UNIT 3: Macromolecules. Chapter 2: The Chemistry of Life

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1 UNIT 3: Macromolecules Chapter 2: The Chemistry of Life

2 Lesson #1: What are the main elements found in all living things? There are five main elements in all living things: H = Hydrogen O = Oxygen N = Nitrogen C = Carbon P = Phosphorus The most important of all these elements is! BECAUSE... It has four valence electrons. It can bond easily to itself and other elements. It can make single, double, and triple bonds. It can make chains, branches, and rings.

3 Lesson #2: What is a macromolecule? How is one formed? A macromolecule is a molecule found in living matter that is made up of 1000's of smaller molecules. Small units called are joined together to form a larger unit called a. A really large polymer is a macromolecule. joins subunits together by taking away a water molecule and forming a new bond. splits subunits apart by adding a water molecule and breaking a bond.

4 THE FOUR MACROMOLECULES RESPONSIBLE FOR LIFE ARE... A chef carries out the instructions of the cookbook to make the cake, just like carry out life's instructions. The oven supplies the energy necessary to bake the cake, just like supply energy to carry out life's many reactions. A cookbook holds the instructions for baking a cake just like holds the instructions for life! The pan holds the cake in place to make it a single object, just like create a cell membrane to capture life in a cell.

5 Composition:,,,, and. Monomer: These subunits are made up of three things: 1. phosphate group 2. 5-carbon sugar 3. base Functions: Store and transmit genetic information Polymers: Ribonucleic Acid (RNA) Deoxynucleic Acid (DNA)

6 Composition:,,, and Monomer: These are made up of: 1. an amino group (-NH 2 ) 2. a carboxyl group (-COOH) 3. a functional group There are different amino acids. Functions: Structural support - form muscles and bones Storage - third source of energy Transport - help substances enter and leave a cell Defense - help fight disease; control rate of reactions Signalling - hormones Polymers: hemoglobin amylase

7 Composition:,, and Names: usually end in. Functions: Main source of energy for living things Structural support for plants and some animals. Types: monomer = simple sugars: ex. double sugars: ex. polymer = complex sugars: ex.

8 Most Common Disaccharide: "Table Sugar" Sucrose = Glucose + Fructose Most Common Polysaccharides: Starch - found in plants and stored form of energy for cells. Glycogen - "animal starch" produced by the liver and stored in the liver and in muscle tissue. The branching structure allows for easy solubility and faster rate of synthesis and degradation. Cellulose - a structural component of plant cell walls.

9 Composition: mostly and Functions: Second energy source for living things Waterproofing - such as oil glands to coat bird feathers Structural support - large part of all cell membranes Hormones - act as chemical messengers

10 TRIGLYCERIDES (FATS) Made of two kinds of molecules: glycerol and 3 fatty acid chains. Types of Fatty Acids: Saturated Carbons joined by bonds. Unsaturated Carbons joined by at least one bond. PHOSOLIPIDS One head that is "water-loving. Two tails that are "water-fearing." Part of any cell membrane!

11 There are four major groups of macromolecules in all living things: Macromolecule Elements Monomer Polymer Functions Nucleic Acid Proteins Carbohydrates Lipids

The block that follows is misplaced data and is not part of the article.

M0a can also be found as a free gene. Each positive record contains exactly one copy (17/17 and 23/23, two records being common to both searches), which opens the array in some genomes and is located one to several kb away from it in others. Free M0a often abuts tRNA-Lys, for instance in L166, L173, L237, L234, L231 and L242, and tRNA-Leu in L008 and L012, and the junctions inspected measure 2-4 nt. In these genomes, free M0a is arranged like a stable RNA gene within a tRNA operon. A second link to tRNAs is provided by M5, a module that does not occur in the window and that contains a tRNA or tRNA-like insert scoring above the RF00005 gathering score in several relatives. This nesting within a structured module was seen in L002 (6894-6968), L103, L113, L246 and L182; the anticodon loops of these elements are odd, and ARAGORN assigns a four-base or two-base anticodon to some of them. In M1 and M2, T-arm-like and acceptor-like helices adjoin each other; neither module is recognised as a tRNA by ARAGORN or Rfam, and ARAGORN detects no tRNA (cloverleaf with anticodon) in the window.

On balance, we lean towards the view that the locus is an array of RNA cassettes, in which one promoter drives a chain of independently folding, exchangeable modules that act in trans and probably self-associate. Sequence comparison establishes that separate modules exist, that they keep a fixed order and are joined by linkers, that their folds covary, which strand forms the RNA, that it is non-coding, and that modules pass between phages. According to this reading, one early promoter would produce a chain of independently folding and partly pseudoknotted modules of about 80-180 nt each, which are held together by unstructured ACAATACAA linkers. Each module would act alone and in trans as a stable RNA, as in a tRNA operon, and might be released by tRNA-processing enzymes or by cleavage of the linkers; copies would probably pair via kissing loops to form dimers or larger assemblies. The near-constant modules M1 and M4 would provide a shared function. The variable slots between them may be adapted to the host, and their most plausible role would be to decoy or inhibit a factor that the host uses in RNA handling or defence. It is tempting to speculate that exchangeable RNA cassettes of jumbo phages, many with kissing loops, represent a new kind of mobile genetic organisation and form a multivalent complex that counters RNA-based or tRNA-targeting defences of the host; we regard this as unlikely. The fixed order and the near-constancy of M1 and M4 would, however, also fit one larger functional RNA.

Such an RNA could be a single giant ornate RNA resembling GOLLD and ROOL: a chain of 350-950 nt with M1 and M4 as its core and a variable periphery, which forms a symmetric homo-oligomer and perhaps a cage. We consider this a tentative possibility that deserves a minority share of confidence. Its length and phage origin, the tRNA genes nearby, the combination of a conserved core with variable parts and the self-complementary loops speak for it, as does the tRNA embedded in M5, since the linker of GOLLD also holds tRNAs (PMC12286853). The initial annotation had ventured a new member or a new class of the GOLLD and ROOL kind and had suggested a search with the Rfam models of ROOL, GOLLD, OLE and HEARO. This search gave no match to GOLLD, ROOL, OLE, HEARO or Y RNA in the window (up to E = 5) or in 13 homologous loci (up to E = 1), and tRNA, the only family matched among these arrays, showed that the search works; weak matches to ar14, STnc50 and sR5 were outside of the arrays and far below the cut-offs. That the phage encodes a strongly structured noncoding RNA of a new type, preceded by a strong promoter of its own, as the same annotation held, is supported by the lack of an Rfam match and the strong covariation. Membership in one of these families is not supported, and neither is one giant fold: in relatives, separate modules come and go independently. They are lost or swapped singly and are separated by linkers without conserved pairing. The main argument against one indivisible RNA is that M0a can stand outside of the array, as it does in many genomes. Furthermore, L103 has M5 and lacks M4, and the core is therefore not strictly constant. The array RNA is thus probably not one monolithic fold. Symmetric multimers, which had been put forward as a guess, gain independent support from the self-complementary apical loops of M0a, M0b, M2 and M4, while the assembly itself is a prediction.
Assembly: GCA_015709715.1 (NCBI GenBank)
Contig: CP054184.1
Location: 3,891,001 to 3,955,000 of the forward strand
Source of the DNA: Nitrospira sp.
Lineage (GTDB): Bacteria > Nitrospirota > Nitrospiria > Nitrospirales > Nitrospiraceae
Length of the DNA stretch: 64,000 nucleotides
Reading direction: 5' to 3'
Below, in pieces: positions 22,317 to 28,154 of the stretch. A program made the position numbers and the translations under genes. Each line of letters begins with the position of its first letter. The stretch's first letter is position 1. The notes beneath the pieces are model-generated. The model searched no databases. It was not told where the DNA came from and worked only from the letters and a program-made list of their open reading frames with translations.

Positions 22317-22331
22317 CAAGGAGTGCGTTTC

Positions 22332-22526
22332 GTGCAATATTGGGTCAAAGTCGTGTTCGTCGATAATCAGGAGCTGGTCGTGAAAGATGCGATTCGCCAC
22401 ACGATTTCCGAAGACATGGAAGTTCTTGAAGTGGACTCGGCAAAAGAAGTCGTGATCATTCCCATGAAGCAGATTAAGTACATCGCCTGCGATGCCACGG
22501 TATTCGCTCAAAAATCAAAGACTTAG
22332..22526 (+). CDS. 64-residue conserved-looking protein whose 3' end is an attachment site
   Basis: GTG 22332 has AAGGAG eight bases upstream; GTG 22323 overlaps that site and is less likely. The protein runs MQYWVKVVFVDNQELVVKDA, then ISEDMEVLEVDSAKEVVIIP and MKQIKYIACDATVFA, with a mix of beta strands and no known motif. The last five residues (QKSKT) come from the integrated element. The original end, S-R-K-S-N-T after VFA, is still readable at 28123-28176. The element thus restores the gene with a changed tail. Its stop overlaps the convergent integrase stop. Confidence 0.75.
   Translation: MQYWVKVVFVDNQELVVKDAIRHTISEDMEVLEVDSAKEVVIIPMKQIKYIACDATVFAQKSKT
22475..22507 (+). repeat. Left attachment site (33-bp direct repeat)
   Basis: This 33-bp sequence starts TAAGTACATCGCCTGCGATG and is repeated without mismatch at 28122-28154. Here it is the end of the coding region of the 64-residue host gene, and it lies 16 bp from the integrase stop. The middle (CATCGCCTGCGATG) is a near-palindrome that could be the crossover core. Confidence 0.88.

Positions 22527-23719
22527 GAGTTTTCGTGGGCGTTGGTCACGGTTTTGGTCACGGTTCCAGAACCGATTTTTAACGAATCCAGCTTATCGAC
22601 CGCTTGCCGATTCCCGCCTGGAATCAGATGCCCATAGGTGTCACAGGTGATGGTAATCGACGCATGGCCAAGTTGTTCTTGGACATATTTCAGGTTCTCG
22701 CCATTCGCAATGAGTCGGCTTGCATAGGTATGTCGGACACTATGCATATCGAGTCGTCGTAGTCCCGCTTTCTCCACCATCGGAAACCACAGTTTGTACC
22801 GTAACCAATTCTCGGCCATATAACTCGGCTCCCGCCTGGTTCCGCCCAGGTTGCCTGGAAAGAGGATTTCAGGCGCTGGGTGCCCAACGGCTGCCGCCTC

12 Lesson #7: How do enzymes work? What factors affect them? Enzymes are proteins that act as biological. A catalyst is a substance that the rate of a chemical reaction. Enzymes succeed in speeding up a chemical reaction inside a cell by the amount of activation energy needed for the reaction to proceed. Enzymes are very. Each type of enzyme usually can only act on one specific chemical reaction. For this reason, part of the enzyme's name is derived from the reaction it catalyzes. Ex. Carbonic anhydrase - job is to speed up the reaction to get rid of water from carbonic acid. Almost all enzymes end in.

13 So...how does an enzyme lower the activation energy of a chemical reaction? For a chemical reaction to take place, the reactants must collide with enough energy so that existing bonds will be broken and new bonds will be formed. Enzymes provide a site ( )where reactants (also called the ) can be brought together to react, which reduces the energy needed. The enzyme is NOT in the process and can be reused when the chemical reaction is complete.

14 How are Enzymes Regulated? Enzymes can be affected by any variable that influences a chemical reaction: ph temperature concentration These variables can be thought of as inhibitors, because they affect all enzymes in a cell. Most cells contain proteins that help to turn enzymes "on" or "off" at critical stages in the life cycle of the cell. There are also enzyme inhibitors: 1. Competitive Inhibitors - attaches to the active site; thus blocking substrates from attaching to the active site 2. Non-competitive Inhibitors - attaches to another site on the enzyme and changes the shape of the active site; thus substrates no longer fit into the active site.

15 There are four major groups of macromolecules in all living things: Macromolecule Elements Monomer Polymer Functions Nucleic Acid C, H, O, N, P Nucleotide DNA & RNA stores & transmits genetic information Proteins C, H, O, N Amino Acid hemoglobin transports materials amylase stored source of energy forms bones & muscles chemical messengers helps immune system controls rate of reactions Carbohydrates C, H, O monosaccharide polysaccharide main source of energy (glucose, fructose) (cellulose) structure: plant cell wall Lipids C, H fatty acid triglycerides stored source of energy (saturated or phospholipids structure: cell membrane unsaturated) waterproofing hormones

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